Xeroderma pigmentosum is an autosomal recessive disorder that results in the skin’s inability to repair damage caused by ultraviolet light. This results in symptoms such as severe sunburn, development of excessive freckles, cry skin, blisters and corneal ulcerations. One of the most common causes of death in people with Xeroderma pigmentosum is skin cancer - specifically metastatic melanoma and squamous cell carcinoma.
Angelman syndrome is caused by the loss of the normal maternal contribution to a region of chromosome 15, most commonly by deletion of a segment of that chromosome. It is a neuro-genetic disorder characterized by intellectual and developmental disability, sleep disturbance, seizures, jerky movements (especially hand-flapping), frequent laughter or smiling, and usually a happy demeanor.
An older, alternative term for AS, happy puppet syndrome, is generally considered pejorative and stigmatizing so it is no longer the accepted term, though it is sometimes still used as an informal term of diagnosis. People with AS are sometimes known as “angels”, both because of the syndrome’s name and because of their youthful, happy appearance.
Those with the syndrome are generally happy and contented people who like human contact and play. People with AS exhibit a profound desire for personal interaction with others. Communication can be difficult at first, but as a child with AS develops, there is a definite character and ability to make themselves understood. People with AS tend to develop strong non-verbal skills to compensate for their limited use of speech. It is widely accepted that their understanding of communication directed to them is much larger than their ability to return conversation. Most afflicted people will not develop more than 5–10 words, if any at all.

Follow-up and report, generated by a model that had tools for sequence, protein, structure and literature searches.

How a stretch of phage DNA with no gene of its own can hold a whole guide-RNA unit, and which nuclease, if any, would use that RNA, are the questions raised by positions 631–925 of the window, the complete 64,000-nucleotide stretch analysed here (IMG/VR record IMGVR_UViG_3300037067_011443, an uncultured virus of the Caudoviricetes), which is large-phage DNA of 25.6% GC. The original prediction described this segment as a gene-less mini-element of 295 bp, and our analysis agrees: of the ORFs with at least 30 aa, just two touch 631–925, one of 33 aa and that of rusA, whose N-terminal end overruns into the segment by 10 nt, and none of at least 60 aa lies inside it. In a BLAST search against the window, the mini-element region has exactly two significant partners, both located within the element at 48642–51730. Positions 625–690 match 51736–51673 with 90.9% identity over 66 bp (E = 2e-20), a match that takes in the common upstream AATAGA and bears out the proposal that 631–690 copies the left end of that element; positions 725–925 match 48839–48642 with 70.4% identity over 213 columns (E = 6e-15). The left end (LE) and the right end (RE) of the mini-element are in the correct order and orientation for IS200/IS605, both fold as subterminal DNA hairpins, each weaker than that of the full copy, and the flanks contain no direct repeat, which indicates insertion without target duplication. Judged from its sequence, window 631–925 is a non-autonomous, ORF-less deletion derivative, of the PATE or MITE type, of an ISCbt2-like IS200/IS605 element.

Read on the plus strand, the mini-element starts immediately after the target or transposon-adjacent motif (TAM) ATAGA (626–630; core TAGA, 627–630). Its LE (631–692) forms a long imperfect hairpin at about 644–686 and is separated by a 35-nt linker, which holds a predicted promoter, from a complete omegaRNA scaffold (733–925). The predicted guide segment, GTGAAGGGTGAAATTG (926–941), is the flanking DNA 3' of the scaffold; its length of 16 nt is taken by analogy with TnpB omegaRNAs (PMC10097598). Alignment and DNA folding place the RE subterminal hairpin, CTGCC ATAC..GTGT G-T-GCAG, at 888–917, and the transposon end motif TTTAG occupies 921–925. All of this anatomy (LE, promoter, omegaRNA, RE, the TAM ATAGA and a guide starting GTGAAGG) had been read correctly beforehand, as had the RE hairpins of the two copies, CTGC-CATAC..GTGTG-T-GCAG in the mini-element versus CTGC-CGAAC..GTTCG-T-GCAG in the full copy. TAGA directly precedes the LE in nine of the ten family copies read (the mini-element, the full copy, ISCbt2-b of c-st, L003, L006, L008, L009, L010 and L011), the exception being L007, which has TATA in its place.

Unfortunately there are no known cure.. Although there are studies being done right now, it is far from human testing.
Fibrodysplasia ossificans progressiva (FOP) is a progressive genetic disorder that turns soft tissues into bone over time. The ACVR1 gene found in bone, muscles, tendons, and ligaments regulates growth and development of those tissues, and is normally responsible for turning cartilage into bone as children develop. However, mutations of this gene can allow ossification to go unchecked throughout a sufferer’s life, even turning skeletal muscle into bone and causing joints to fuse together.
This disorder occurs in about 1 in 2 million people, and there are currently no treatments or cures. Trauma exacerbates the condition, so attempts to remove bone surgically just results in the body producing even more bone in the area.
A new University of British Columbia study identifies an important molecular change that occurs in the brain when we learn and remember.
Published this month in Nature Neuroscience, the research shows that learning stimulates our brain cells in a manner that causes a small fatty acid to attach to delta-catenin, a protein in the brain. This biochemical modification is essential in producing the changes in brain cell connectivity associated with learning, the study finds.
In animal models, the scientists found almost twice the amount of modified delta-catenin in the brain after learning about new environments. While delta-catenin has previously been linked to learning, this study is the first to describe the protein’s role in the molecular mechanism behind memory formation.
“More work is needed, but this discovery gives us a much better understanding of the tools our brains use to learn and remember, and provides insight into how these processes become disrupted in neurological diseases,” says co-author Shernaz Bamji, an associate professor in UBC’s Life Sciences Institute.